The goal of this proposal is to understand how cell competition regulates tissue growth during development and how such mechanisms can be subverted during diseases like cancer. Our lab and other labs have shown that genetic heterogeneity between neighboring populations provokes competitive interactions between them, resulting in the selective elimination of the weaker population (the losers) and the expansion of the stronger one (the winners). During classical cell competition wild-type cells eliminate viable but sub-optimal cells. This type of cell competition functions as a quality control mechanism to selectively remove suboptimal cells from a tissue. During super-competition, cells with higher levels of oncogenes like STAT and Myc kill their wild-type neighbors. Super-competition functions during cancer progression and metastasis. While competitive interactions are conserved and are increasingly well documented, the mechanisms regulating the elimination of the weaker cells or the expansion of the stronger cells are poorly understood. Through next-generation sequencing, we identified two soluble stress-responsive factors that are produced by STAT winners and that promote their competitive fitness. Here, we will test the roles of these factors in cell competition.
Aim 1 is focused on the role of the damage-response pathway in disadvantaging losers or increasing winner fitness in super- competition.
Aim 2 will test the role of extracellular reactive oxygen species in killing losers and/or boosting winner function in both classical cell competition and super-competition. We envision that our studies will elucidate molecular and cellular events employed by pre-cancerous cells to establish themselves within a tissue and that might be operative when these cells progress into fully neoplastic lesions.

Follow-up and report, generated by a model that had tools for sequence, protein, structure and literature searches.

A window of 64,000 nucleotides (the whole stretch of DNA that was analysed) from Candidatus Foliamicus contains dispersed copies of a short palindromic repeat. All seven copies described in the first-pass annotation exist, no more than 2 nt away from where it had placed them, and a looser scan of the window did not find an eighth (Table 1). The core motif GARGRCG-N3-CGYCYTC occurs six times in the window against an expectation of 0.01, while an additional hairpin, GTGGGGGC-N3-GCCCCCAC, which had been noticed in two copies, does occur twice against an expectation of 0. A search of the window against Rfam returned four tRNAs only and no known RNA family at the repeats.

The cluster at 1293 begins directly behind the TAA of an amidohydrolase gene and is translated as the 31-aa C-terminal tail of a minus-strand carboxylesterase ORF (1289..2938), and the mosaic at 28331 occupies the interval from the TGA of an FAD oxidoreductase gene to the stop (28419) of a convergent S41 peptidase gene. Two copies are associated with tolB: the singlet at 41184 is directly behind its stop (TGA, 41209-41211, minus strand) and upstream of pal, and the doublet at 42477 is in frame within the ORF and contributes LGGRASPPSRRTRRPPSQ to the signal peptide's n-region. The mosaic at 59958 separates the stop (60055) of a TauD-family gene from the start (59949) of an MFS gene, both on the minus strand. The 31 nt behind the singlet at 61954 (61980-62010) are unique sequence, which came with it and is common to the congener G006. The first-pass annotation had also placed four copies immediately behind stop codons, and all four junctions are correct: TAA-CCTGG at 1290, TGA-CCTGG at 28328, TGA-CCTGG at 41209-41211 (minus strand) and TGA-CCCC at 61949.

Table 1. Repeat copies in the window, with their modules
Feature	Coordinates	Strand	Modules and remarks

Due to evolution, numerous genes exist in very similar forms in other organisms, such as the fruit fly Drosophila. The fruit fly is an excellent genetic organism that has been used with great success to identify and characterize genes critical for basic biological processes. Our study is designed to eludicate how the conserved genes that cause cancer in humans regulate cell competition in Drosophila.
|Herrera, Salvador C; Bach, Erika A (2018) JNK signaling triggers spermatogonial dedifferentiation during chronic stress to maintain the germline stem cell pool in the Drosophila testis. Elife 7:|
|Grmai, Lydia; Hudry, Bruno; Miguel-Aliaga, Irene et al. (2018) Chinmo prevents transformer alternative splicing to maintain male sex identity. PLoS Genet 14:e1007203|
|Cook, Matthew S; Cazin, Coralie; Amoyel, Marc et al. (2017) Neutral Competition for Drosophila Follicle and Cyst Stem Cell Niches Requires Vesicle Trafficking Genes. Genetics 206:1417-1428|
|Anderson, Abigail M; Bailetti, Alessandro A; Rodkin, Elizabeth et al. (2017) A Genetic Screen Reveals an Unexpected Role for Yorkie Signaling in JAK/STAT-Dependent Hematopoietic Malignancies in Drosophila melanogaster. G3 (Bethesda) 7:2427-2438|
|Court, Helen; Ahearn, Ian M; Amoyel, Marc et al. (2017) Regulation of NOTCH signaling by RAB7 and RAB8 requires carboxyl methylation by ICMT. J Cell Biol 216:4165-4182|
|Amoyel, Marc; Hillion, Kenzo-Hugo; Margolis, Shally R et al. (2016) Somatic stem cell differentiation is regulated by PI3K/Tor signaling in response to local cues. Development 143:3914-3925|
|Amoyel, Marc; Anderson, Jason; Suisse, Annabelle et al. (2016) Socs36E Controls Niche Competition by Repressing MAPK Signaling in the Drosophila Testis. PLoS Genet 12:e1005815|
|Amoyel, Marc; Bach, Erika A (2015) MT-Nanotubes: Lifelines for Stem Cells. Cell Stem Cell 17:133-4|
|Amoyel, Marc; Anderson, Abigail M; Bach, Erika A (2014) JAK/STAT pathway dysregulation in tumors: a Drosophila perspective. Semin Cell Dev Biol 28:96-103|
|Amoyel, Marc; Simons, Benjamin D; Bach, Erika A (2014) Neutral competition of stem cells is skewed by proliferative changes downstream of Hh and Hpo. EMBO J 33:2295-313|
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